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Dr Neil Lee

Labour market not delivering for young people

Authors: Dr Neil Lee Dr Neil Lee

15 February 2012

 

Today’s labour market statistics are grim reading for young people: 1.04 million young people aged 16 to 24 are now unemployed, an increase of 22,000 from September 2011. The unemployment rate amongst young people is 22.2%, compared to 8.4% overall.

The recession is the immediate cause. Yet the problem has deeper, structural routes in the UK economy. Youth unemployment has been rising since 2001, reflecting changes in the labour market and the economy.

What can be done? The Youth Contract will kick in later this year, and that may have some impact. As part of our Missing Million research programme, sponsored by Barclays and the Learning and Skills Improvement Service (LSIS), we’ll be investigating some areas for improvement. Our research so far provides some pointers.

First of all, we need more focus on the core. Amongst the million youth unemployed are several groups – some of which are only temporarily unemployed, others are out of work for far longer. Policymakers need to focus on this core group, but they’re often the hardest to reach.

Second, local coordination matters. Young people access a number of services at a local level. They need help to navigate this complexity. Local government often knows when services aren’t joined up but lacks the flexibility to do so.  We need to consider how to build better pathways into work at a local level.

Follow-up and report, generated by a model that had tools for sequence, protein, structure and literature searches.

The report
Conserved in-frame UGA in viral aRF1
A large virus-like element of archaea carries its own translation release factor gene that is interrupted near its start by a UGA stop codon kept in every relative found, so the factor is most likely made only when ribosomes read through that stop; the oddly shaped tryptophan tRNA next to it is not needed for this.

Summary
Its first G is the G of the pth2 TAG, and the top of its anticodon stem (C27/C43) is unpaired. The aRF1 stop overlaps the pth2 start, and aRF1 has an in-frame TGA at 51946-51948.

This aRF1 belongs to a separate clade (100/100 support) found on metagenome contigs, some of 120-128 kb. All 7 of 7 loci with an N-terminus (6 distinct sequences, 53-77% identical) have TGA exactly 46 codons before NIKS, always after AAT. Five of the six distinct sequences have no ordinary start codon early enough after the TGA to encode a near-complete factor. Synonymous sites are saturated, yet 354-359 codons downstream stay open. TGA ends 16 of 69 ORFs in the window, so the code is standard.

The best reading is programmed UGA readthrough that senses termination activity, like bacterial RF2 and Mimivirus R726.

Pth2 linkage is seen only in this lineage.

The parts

But third, these trends reflect longer-term changes in our economy which have been good for many, but bad for some. The architecture which used to support young people into work has been changing. As it is rebuilt it will need to reflect the new world of work.

Comments in Chronological Order (Total 3 Comments)

Pierce Inverarity

15 Feb 2012 1:40PM

The point about local co-ordination and action is important. What seems to be happening is that post-compulsion to attend educational venues, young people that have failed to benefit from state education, either through their own fault or the fault of the institution, isolate into small homogenous units with limited geographic mobility. The lack of any other familiar environment other than that where they have grown up and the lack of any means to explore beyond this realm entrenches an intensely restrictive naïve realism about what opportunities are available to them.

To draw on the work of Gramsci, these individuals shift significantly from the influence of one repressive state apparatus, the school, to another, the police, although the shift to the latter is marked by a much more distant relationship. Local retrenchment has also affected youth centres which could possibly act as an intermediary locale between the state and the individual vis-à-vis the labour market. The church would have traditionally filled this void but its effectiveness and ubiquity as an apparatus of conformity has reduced dramatically.

The mistake has been to assume that job centres can facilitate this engagement between NEET and the labour market. This approach will continue to not work. The issue is to understand how to maintain engagement and therefore communication post-compulsion and re-orientate the entrenched linear view of education that prevails. We need more secular churches. This would shift these individuals from the subjugation to police authority towards an educational subjugation that will move young people from hard to reach to easy to teach.

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06 Mar 2012 12:05PM

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